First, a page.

Batman and Superman is like the finish to a really good movie that was lost and found, but even though the confrontation is more engrossing than the conflicts in previous issues, it's nothing compared to Tomasi’s understanding of Superman's, Batman's and Wonder Woman's personalities and shared histories.
Yeah. That’s Batman unclenching his ass while he’s in the presence of his best friends. Oh, and the punchline after that sequence is not to be missed by anybody who’s a fan of these three.
A-Force’s latest is a rambunctious thing that pits the team of ladies against the Marvel equivalent of Maleficent. A bit of a tautology. I suspect someday to see a Disney heroes/Marvel team-up book.
She-Hulk of course refers to the Countess’ dragon form. There’s also a familiar Thor involved.
She comes from the same universe as Singularity by way of Singularity, who is a sentient pocket universe. Singularity is the cute, blue femme depicted above.
There’s nothing deep here, except when Alison Blake, Dazzler, comes clean with her doppelgänger. These successfully staged dramatic scenes succinctly underscore the simple yet forlorn dialogue. The lion’s share of the story and art however is just a blast. Writer Kelly Thompson and illustrators Ben Caldwell and Ian Herring can take a well-deserved bow.
King’s Quest is the sequel to King’s Watch, but written by Ben Acker and Dan McDaid. The story also dovetails from the Mandrake, Flash Gordon, Phantom, Prince Valiant spin-off series. So, you have the right to feel some trepidation. I’m here to tell you that King's Quest is a worthy successor.
The Phantom narrates, and Acker reminds you that neophyte Phantom Jen Harris was here from the very beginning. Acker also explains how she became the Phantom. So, you won’t feel confused by a pair of Phantoms, one being Lothar. The other not.
Prince Valiant’s presence was the most anomalous element in the story. I didn’t read his series and I have never been a fan of the character. Although, I respected the critically acclaimed artwork in the comic strip. In any case, he soon didn’t need explanation and I enjoyed his blustery dialogue.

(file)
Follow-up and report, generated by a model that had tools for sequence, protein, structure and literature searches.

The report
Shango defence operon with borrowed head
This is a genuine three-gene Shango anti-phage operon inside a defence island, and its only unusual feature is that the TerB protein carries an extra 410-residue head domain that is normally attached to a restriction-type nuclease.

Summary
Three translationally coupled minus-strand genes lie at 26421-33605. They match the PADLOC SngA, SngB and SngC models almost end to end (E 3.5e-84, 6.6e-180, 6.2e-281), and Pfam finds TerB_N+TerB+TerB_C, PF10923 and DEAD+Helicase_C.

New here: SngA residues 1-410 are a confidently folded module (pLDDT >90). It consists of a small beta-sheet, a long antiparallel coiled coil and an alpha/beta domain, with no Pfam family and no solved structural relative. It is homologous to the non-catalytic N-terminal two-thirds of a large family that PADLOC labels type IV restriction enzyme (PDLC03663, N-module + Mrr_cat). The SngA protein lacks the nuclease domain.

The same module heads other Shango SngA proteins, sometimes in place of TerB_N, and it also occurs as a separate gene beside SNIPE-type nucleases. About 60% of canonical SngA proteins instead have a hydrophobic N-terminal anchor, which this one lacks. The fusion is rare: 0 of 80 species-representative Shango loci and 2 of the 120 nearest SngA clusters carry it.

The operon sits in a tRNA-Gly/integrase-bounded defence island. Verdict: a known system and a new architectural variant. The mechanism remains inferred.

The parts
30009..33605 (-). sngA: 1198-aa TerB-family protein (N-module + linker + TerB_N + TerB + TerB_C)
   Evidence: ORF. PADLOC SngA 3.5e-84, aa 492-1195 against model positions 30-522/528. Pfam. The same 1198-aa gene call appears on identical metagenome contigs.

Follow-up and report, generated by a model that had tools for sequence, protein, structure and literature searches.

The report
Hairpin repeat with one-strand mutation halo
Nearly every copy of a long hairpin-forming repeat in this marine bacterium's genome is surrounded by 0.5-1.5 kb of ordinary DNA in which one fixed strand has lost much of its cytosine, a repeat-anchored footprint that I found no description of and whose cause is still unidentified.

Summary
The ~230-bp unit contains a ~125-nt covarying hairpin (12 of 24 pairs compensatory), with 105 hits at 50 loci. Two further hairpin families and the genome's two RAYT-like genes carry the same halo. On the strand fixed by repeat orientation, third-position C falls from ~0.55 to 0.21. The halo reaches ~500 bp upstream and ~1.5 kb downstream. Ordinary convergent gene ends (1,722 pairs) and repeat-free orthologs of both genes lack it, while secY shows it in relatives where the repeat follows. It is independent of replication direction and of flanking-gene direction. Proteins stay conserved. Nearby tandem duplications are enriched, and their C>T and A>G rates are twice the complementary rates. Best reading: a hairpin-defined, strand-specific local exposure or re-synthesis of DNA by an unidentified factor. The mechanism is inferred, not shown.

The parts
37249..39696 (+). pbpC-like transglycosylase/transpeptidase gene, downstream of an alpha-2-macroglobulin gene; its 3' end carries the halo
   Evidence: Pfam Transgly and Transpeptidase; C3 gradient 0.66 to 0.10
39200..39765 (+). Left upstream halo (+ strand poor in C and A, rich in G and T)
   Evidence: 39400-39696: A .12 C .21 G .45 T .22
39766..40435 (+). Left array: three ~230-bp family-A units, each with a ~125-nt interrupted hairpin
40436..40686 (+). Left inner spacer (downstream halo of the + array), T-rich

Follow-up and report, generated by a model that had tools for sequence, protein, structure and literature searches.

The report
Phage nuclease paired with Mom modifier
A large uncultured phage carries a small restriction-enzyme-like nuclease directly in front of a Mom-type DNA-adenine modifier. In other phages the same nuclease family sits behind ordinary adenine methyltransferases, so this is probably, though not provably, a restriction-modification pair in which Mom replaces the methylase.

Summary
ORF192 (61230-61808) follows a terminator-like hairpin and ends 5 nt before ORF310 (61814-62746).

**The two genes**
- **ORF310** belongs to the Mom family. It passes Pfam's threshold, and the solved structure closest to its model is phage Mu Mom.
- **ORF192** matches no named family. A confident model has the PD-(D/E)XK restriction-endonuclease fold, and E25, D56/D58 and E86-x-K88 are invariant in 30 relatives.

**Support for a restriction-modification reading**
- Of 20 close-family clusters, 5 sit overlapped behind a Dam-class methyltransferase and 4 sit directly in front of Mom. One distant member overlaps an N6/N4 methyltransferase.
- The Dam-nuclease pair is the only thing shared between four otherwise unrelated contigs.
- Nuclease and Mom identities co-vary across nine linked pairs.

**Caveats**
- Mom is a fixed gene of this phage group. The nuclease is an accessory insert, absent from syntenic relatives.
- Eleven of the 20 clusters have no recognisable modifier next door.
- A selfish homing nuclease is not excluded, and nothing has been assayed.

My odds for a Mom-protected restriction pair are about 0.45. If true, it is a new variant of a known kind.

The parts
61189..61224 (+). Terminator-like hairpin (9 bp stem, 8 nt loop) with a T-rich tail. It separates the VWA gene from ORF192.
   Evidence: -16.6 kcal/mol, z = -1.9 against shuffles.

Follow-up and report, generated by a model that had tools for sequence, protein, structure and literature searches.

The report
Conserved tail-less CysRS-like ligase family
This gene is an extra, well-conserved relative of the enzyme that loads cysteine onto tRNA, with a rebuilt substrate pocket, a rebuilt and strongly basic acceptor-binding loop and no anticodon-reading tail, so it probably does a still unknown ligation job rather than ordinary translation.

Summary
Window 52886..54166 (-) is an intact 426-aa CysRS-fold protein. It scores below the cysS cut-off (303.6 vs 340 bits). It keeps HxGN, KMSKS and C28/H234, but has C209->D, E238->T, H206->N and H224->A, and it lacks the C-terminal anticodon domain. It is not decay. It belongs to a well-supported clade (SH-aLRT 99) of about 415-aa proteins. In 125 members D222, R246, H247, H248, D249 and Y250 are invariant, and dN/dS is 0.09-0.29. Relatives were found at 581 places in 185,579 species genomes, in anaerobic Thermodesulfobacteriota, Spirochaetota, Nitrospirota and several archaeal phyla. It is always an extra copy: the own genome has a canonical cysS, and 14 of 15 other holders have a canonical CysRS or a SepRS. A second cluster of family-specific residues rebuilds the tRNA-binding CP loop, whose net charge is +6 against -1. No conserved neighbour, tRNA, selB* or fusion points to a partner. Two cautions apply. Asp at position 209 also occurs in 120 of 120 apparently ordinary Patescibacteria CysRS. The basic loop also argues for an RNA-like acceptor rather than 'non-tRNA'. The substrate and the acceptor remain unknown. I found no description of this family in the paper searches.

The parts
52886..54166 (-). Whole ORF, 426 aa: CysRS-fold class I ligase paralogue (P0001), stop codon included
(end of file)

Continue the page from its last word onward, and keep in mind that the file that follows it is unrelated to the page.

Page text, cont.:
King’s Watch, or Defenders of the Earth if you like, invade Arboria, the forest planet dominated by Ming the Merciless but ruled by Prince Barin. Flash gathered his friends to save Dale Arden from Ming’s clutches. Typical Flash Gordon, but Acker’s story is anything but.
The point of the view of the Phantom is supremely entertaining. The inclusion of an unannounced King’s Features adventure hero in his rebooted form is a boon, and the reveal of Dale Arden’s fate comes as a real surprise.
The Phantom concludes its first story arc for Hermes Comics, and Peter David did an excellent job. Although some of the Tarzan references were a little obvious, overall, this was an entertaining series one. For those who came in late…
Jimmy Wells, a school and society chum of Diana Palmer, is a very old Phantom character. Creator Lee Falk even once considered him as a candidate for the Phantom, whose identity early on was an enigma. Lee Falk instead chose to make the Phantom Kit Walker, the name itself an allusion to “The Ghost Who Walks.”
David turned Jimmy into a tribute to Tarzan, and his Jane is the sky pirate known as the Baroness, who became Sala in the highly recommended 1990s Phantom movie. In David's series, Jimmy also had an affair with La of Opar, that is her analogue. The Queen bore him a son, but the King believes himself the father.
The Phantom and Jimmy encounter each other during a hunt for the Phantom’s traditional enemy, the Singh Brotherhood. One member who wants to pay the Phantom back for the loss of an arm intends to turn the Phantom into a true ghost.
David's culmination plays against the traditions of heroes by orchestrating a serial-type cliffhanger on purpose.